Sender and receiver
Understanding the nature of communication, especially the quirks of asynchroneous communication, will help us to improve the relation to our users, bring across a message and interpret feedback. This is important, because not always are the information sender and receiver talking about the same content as they might think. Also, there are more levels of communication than the simple factual one. This is the reason why some machines are still struggling with it. And it keeps happening.
As with perception, let’s start with some basics. Terms.
What are terms?
Imagine you see an unknown object. For example something like this:
Ok, hopefully this is not an unknown object. But let’s assume we see this object for the first time. We now have a mental representation of it in our mind. To this representation we can then learn a substitution for the object. In this case the term ‘apple’.
Now we can use the word apple instead of the actual object. That’s good, because this way we don’t have to carry around an apple or a picture of an apple if we want to refer to it. We can simply use the substitute:
Language excels information exchange. Throughout history the speed of information exchange had a great, if not the greatest, impact on technological and social development. But every human being has different experiences. That is why each person connotates terms differently than others. This leads to ambiguity (oh oh, if you have read the perception page, you know that our brain will simply put the terms into the next fitting category).
Experiences, situation and expectation
What do we mean by saying that someone spilled the beans?
Is it A: The metaphor of sharing a secret, or B: Actually spilling beans out of a container.
And now it gets tricky. Not only can the meaning of the content vary depending on the experiences we have and the situations we are in, but also what expectations we might have towards the information sender. To have a better grip on that, theories like the ‘Communication Model of Schulz von Thun’ have been developed.
Actually, this is a problem well known to linguistic philosophy. More recently, authors like Quine and Kripke have dedicated themselves to the issue of ‘reference’ of ideoms and terms. Each person has different experiences and therefore has different associations or connotations with individual emotional values for these. Additionally, people may have different factual concepts of a term because of differences in semantic knowledge.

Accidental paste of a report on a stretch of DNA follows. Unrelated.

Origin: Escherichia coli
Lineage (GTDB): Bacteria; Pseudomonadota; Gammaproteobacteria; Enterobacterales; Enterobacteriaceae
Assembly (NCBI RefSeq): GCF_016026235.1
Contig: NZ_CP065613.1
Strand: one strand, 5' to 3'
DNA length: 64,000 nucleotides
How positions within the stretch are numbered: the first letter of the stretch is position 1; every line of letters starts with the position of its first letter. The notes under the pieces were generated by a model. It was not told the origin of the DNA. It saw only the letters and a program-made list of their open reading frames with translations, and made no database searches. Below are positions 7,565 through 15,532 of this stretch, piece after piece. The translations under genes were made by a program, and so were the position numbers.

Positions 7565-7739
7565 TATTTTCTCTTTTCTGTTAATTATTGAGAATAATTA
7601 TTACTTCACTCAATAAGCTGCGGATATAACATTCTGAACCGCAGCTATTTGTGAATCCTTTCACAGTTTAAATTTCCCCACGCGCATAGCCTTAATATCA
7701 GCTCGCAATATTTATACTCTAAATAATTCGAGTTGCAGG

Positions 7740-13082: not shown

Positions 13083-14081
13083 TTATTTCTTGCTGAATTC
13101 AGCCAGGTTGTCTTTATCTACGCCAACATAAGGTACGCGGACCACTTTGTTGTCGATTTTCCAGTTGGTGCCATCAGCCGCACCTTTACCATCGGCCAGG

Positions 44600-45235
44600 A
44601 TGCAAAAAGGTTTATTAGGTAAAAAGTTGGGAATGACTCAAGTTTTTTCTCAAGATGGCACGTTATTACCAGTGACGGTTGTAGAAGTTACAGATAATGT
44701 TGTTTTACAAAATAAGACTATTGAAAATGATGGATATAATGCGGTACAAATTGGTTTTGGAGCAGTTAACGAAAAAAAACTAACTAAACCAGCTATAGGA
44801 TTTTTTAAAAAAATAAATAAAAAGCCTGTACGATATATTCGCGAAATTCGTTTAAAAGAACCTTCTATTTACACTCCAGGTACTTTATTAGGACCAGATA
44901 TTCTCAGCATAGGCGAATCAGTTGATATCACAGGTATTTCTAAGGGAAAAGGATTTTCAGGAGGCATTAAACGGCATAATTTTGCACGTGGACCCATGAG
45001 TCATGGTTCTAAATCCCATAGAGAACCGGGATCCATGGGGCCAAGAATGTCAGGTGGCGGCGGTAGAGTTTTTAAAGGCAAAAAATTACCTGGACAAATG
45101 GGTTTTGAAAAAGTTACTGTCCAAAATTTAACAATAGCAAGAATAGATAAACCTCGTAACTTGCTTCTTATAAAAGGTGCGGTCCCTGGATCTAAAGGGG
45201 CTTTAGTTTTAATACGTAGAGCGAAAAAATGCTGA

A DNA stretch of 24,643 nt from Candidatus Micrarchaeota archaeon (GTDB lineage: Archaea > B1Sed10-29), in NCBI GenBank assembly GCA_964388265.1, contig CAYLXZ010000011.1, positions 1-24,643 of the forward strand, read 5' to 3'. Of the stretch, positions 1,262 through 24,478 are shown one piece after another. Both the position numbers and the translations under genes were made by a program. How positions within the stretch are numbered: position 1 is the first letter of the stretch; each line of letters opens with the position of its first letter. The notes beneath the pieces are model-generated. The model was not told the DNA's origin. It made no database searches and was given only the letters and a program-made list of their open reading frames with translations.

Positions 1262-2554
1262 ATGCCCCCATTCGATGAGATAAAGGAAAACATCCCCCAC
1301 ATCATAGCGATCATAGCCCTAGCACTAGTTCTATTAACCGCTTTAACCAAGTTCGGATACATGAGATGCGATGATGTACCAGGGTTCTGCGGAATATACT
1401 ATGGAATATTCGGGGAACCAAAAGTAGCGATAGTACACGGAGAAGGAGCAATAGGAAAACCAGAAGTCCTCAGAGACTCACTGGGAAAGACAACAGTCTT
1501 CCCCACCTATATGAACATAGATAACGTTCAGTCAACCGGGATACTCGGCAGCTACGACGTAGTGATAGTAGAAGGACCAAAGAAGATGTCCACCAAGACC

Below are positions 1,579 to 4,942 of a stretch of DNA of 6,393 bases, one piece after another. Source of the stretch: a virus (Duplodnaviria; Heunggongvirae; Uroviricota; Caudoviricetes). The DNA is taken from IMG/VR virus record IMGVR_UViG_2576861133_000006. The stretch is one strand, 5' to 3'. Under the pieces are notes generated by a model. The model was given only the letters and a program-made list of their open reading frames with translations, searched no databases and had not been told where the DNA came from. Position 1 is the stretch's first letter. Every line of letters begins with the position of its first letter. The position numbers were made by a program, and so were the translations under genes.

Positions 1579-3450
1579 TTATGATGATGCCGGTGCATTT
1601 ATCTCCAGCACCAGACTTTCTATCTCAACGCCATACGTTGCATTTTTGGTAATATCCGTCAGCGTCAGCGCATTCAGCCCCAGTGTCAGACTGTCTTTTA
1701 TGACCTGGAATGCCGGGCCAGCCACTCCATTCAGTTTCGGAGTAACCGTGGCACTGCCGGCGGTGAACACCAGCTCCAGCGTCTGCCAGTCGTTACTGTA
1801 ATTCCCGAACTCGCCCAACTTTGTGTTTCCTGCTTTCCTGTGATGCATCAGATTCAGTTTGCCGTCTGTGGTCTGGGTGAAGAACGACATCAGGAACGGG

A common example is the concept of ‘money’. Two people may think of ‘money’ differently.
One may speak of money as cash money. The other may refer to something more complex with more differentiation.
Every concept can be subcategorized or in contrary put into a higher category. For instance, cash is a subcategory of money and itself subsumes coins and bills. If we narrow a concept, we speak of typecasting. If we widen the focus, we speak of generalization (move up a category). In the image below we see knots of factual knowledge (orange dots). These dots are associated with each other within a concept.
Is there a limit in categorization? System theory
suggests this to be a system with endless
possibilities. Generalization is a powerful tool if
you want to avoid giving a concrete answer. It is
most useful in politics ;) (JK)
Also interesting: The less someone knows about a concept/category, the more competent he feels about it (Dunning-Kruger-Effect). In other words: You can’t know what you don’t know.
Also, the more emotional a concept is, the more likely it is to generalize in need of simplification. Or do we really believe that driving a big car will bring executive power to us? It might though, if enough people believe in that. Actually, that is what we call good marketing.
All good things have to come to an end
... and this is also just a short overview on UX relevant mechanisms of human perception and
communication. If you want to know more about this fascinating facette of UX Design, I am happy to have
a chat with you. You can contact me here.